Delegates from Colombia’s national government, the FARC and the United Nations began making technical visits to designated demobilization sites on Monday as the rebels prepare to surrender their weapons in the final stages of four-year peace talks.
The visits to 23 concentration areas and camps is carried out with the aim of verifying their suitability to allow the decommissioning of weapons as part of the FARC’s dismantling more than 50 years after the guerrilla group was formed.
“These are some reconnaissance visits to 23 concentration areas and eight camps that have been chosen to verify the characteristics, to delimit them and a technical review to adjust to that reality,“ said government negotiator Sergio Jaramillo.
The first of the verification visits will take place in the rural area of Villavicencio in central Colombia where Jaramillo, FARC negotiator Carlos Antonio Lozado and United Nations representative General Javier Perez will be present.
The delegation will remain in the area between four and five days, confirmed President Juan Manuel Santos adding that the establishment of “the protocol for handling concentration areas is very important news.”
The laying down of weapons by the FARC rebels is one of the crucial elements of the “end of conflict” phase of the peace agreement through which they agreed to demobilization within a week and a full disarmament within 180 days after peace is signed.
The issue of decommissioning of weapons has been a contentious one but the agreement last Friday of rigid protocol for the process as well as the presence of international observers makes substantial provision for it to take place.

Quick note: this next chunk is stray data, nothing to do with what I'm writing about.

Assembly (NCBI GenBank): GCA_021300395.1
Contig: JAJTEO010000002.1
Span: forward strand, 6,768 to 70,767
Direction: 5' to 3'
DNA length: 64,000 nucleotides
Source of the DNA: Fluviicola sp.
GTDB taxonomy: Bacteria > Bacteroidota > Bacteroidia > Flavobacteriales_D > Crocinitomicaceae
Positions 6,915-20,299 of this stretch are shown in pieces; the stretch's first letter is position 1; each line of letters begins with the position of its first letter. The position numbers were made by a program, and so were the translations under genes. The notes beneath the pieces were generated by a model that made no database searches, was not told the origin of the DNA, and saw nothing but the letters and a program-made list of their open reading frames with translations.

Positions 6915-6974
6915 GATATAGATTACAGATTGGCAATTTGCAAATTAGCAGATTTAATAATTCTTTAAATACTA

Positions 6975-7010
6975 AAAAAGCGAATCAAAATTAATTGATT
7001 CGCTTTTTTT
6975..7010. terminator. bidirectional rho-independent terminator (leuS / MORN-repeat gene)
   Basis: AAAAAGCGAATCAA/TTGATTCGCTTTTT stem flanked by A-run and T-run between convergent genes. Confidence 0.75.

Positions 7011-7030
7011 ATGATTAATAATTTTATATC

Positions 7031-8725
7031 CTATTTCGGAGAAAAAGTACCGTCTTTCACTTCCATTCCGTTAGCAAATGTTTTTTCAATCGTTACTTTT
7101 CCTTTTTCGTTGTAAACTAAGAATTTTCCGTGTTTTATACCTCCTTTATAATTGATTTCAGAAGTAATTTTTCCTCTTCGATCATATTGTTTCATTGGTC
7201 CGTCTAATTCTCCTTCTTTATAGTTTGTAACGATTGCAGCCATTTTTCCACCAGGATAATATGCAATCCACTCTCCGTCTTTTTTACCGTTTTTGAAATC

The success of the demobilization process will depend on the ability of Colombia’s government and their international allies to provide for the safety of the rebels in its aftermath.
The FARC has repeatedly expressed its concerns about a repeat of events after 1985 when the guerrillas attempted to participate in politics.
This attempt resulted in the slaughter of thousands of party members at the hands of paramilitaries and dissident elements within the military.
While the government, guerrilla and foreign observer prepare the FARC’s demobilization, disarmament and reintegration, Colombia is far from certain its largest and longest-living rebel group will demobilize.
The final agreement is due to be put to the Colombian people through a plebiscite before November with a counter-signature through a “Yes” vote triggering the requirement for a swift demobilization and disarmament.
However, according to several polls the majority of Colombians is against the peace deal, putting the entire peace process in limbo.
Nevertheless, preparations continue.
The conclusions of the current verification visits will be presented in a report that will be forwarded to the United Nations Security Council, which should occur on August 19.
If the Santos administration and the FARC are able to close a peace deal and the public approves of it, it will mark the end of the oldest armed conflict in the hemisphere.
- 17 guerrilleros de las Farc viajaron a Colombia para visitar zonas veredales (RCN)
- Colombia inicia el proceso de verificación de las zonas de concentración de las FARC (Infobae)
- Todo listo para el fin de la guerra (Semana)
- Este lunes comienza la verificación de zonas de concentración de las Farc (WR Radio)
- Colombian Government and FARC Agree on Demobilisation Plan (thewire.in)